Why Fashola Will Resist Paying Electricity Bill

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Babatunde Fashola, minister of power, works and housing gives reason under which he will resist paying electricity bill

By Anayo Ezugwu  |  Feb 27, 2017 @ 01:00 GMT  |

BABATUNDE Fashola, minister of power, works and housing, has taken sides with electricity consumers who are resisting to pay arbitrarily charges by distribution companies. Fashola said he will, like other consumers, be more resistant to payment of electricity bill if there is no power supply. He stated this at the 12th Monthly Power Sector and Stakeholders’ meeting in Ibadan, hosted by Ibadan Electricity Distribution Company.

His statement came at a time staff of power firms who go to disconnect consumers who have not paid their bills because of crazy electricity while power supply is not epileptic are attacked. The most recent attack was on Ikeja Electric field workers at Akowonjo, Lagos, where an aggrieved woman allegedly stabbed a staff of Disco, who was discharging his official duties.

The spate of attacks on staff of power firm rises as power generation in the country  worsened in recent weeks after hitting the 4,000 megawatts mark in December last year, with many consumers without prepaid meters complaining about over-estimated bills despite the dip in supply.

The minister explained that the situation was caused by sabotage of gas assets and pipelines which decommissioned power plants and their ability to provide up to 3,000 megawatts of power. “The MW to 3,800MW that we have been able to keep on the grid over the last few months will be assisted greatly if we can have the gas pipelines back and add 3,000MW to it. That means we will be able to deliver well over 6,000MW if the gas pipelines are safe.”

Fashola said the sabotage had also created debt and liquidity problems, shortfall in power expectation, and in revenue recovery by power distribution firms. “Consumers are more resistant to payment when they don’t have electricity, and I will be, too, and you will be too,” he told the power investors and other stakeholders at the meeting, adding, “We see that they (consumers) pay more when the power is more stable. Of course, there are issues also at the retail end – metering, estimated bills.”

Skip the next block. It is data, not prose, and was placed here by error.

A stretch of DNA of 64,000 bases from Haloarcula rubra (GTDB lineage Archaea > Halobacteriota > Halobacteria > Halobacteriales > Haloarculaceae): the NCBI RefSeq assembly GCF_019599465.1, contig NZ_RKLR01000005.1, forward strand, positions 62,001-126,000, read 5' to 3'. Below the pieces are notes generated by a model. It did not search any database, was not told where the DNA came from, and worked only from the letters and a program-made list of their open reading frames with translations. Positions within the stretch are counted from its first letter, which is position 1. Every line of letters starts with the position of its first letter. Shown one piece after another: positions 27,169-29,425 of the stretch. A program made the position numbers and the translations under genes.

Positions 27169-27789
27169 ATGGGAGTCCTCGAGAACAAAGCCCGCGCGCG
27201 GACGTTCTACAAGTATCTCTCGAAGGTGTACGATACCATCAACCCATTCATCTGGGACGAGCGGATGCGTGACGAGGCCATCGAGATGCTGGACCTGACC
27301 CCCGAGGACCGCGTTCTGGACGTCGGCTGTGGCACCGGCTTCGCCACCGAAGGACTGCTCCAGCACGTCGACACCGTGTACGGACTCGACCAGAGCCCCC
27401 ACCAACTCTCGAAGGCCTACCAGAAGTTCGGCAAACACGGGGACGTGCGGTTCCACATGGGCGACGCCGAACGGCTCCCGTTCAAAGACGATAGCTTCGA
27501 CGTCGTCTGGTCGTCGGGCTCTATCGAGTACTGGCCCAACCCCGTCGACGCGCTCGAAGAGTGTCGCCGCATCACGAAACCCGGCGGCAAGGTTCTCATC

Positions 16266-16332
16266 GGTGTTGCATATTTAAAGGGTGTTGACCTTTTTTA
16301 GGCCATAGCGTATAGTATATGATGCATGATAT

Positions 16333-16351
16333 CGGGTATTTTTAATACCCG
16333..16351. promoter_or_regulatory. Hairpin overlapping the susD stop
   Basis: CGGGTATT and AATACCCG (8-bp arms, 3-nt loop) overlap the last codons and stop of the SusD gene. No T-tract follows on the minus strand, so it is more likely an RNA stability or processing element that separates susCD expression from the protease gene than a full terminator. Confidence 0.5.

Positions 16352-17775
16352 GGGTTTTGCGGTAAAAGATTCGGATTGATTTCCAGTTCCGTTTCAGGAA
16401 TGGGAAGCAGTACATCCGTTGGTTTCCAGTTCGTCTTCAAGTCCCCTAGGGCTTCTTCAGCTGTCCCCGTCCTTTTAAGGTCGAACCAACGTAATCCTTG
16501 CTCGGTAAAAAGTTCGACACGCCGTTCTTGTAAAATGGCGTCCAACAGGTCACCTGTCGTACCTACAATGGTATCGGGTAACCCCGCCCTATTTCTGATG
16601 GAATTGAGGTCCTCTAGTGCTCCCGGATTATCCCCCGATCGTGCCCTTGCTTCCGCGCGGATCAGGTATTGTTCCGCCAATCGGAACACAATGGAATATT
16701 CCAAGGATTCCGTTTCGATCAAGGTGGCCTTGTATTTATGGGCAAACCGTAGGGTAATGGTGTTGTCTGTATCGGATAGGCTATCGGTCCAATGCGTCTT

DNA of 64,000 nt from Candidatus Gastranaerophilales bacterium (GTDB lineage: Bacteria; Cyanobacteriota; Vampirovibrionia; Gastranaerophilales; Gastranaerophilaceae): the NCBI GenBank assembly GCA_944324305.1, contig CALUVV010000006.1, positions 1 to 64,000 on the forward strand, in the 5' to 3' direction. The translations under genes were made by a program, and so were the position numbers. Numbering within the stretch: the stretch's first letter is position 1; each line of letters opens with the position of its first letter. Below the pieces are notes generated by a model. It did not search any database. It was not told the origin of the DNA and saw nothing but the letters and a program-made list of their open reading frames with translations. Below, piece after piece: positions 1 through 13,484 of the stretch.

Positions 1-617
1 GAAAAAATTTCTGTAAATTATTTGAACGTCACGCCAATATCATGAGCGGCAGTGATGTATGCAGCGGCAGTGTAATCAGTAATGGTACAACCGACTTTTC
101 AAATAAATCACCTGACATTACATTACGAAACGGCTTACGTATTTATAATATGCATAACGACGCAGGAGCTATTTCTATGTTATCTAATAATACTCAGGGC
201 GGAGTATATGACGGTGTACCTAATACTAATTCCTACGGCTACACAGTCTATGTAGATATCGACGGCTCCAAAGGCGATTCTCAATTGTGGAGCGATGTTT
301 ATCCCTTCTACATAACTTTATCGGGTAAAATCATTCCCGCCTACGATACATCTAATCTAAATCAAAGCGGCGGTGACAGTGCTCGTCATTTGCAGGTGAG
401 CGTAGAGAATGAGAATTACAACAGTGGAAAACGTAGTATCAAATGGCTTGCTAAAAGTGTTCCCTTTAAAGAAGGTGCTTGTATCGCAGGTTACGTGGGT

Noting that all stakeholders have different roles to play in solving the problems, the minister said, “You will see that government has begun to act. The vice president, representing the president, is going round those Niger Delta communities, engaging them more openly, more robustly.

“The idea is to bring them to the table to stop the vandalism while the issues that agitate them can be treated and resolved. I believe that if we are successful as we expect to be, we should be able to, sometimes, this year recover all the 3,000MW that has been lost to gas pipeline outages.”

Nevertheless, electricity distribution companies have decried the increasing spate of violent attacks on their staff. A statement signed by Felix Ofulue, head, corporate communications of the Ikeja Electric, expressed shock at the level of violence and antipathy towards staff of electricity companies. “It is quite disheartening that a customer will resort to such levels of violence under any circumstance to express her grievance without even considering the enormity of the action, which could have easily resulted in murder if the staff had died. This is appalling and totally unacceptable” he said.

According to Ofulue, on a frequent basis, the field workers were attacked by aggrieved customers on matters which are completely beyond the control of the Disco such as the worsening power situation in the country. He also pointed out the company has created several channels for aggrieved customers to present their complaints, but rather some chose to vent their anger on the workers, which is criminal.

“Some of the issues they are complaining about are beyond our control. For instance, there is poor power supply, which is as a result of certain known challenges that cuts across the value chain and we are the last arm of the chain. These challenges are beyond our control, so there is no point directing your anger at any of our staff because they are also customers of a network where they reside.”

He further explained that the aggression on the part of the customers was misdirected since the Disco can only distribute the allocation it gets from the national grid. He further cautioned that any customer who attacks any Ikeja Electirc staff will be made to face the law. “We are appealing to customers to exercise patience and restraint. We are also appealing to community leaders to sensitise their people towards this as anyone who attacks our staff will face the full wrath of the law.”

Ofulue noted that in spite of the legacy challenges, “A lot of initiatives are currently being put in place to ensure improvements in our service and they are already yielding results. All we ask is for customers to be patient and not take laws into their hands by destroying assets and attacking staff.”

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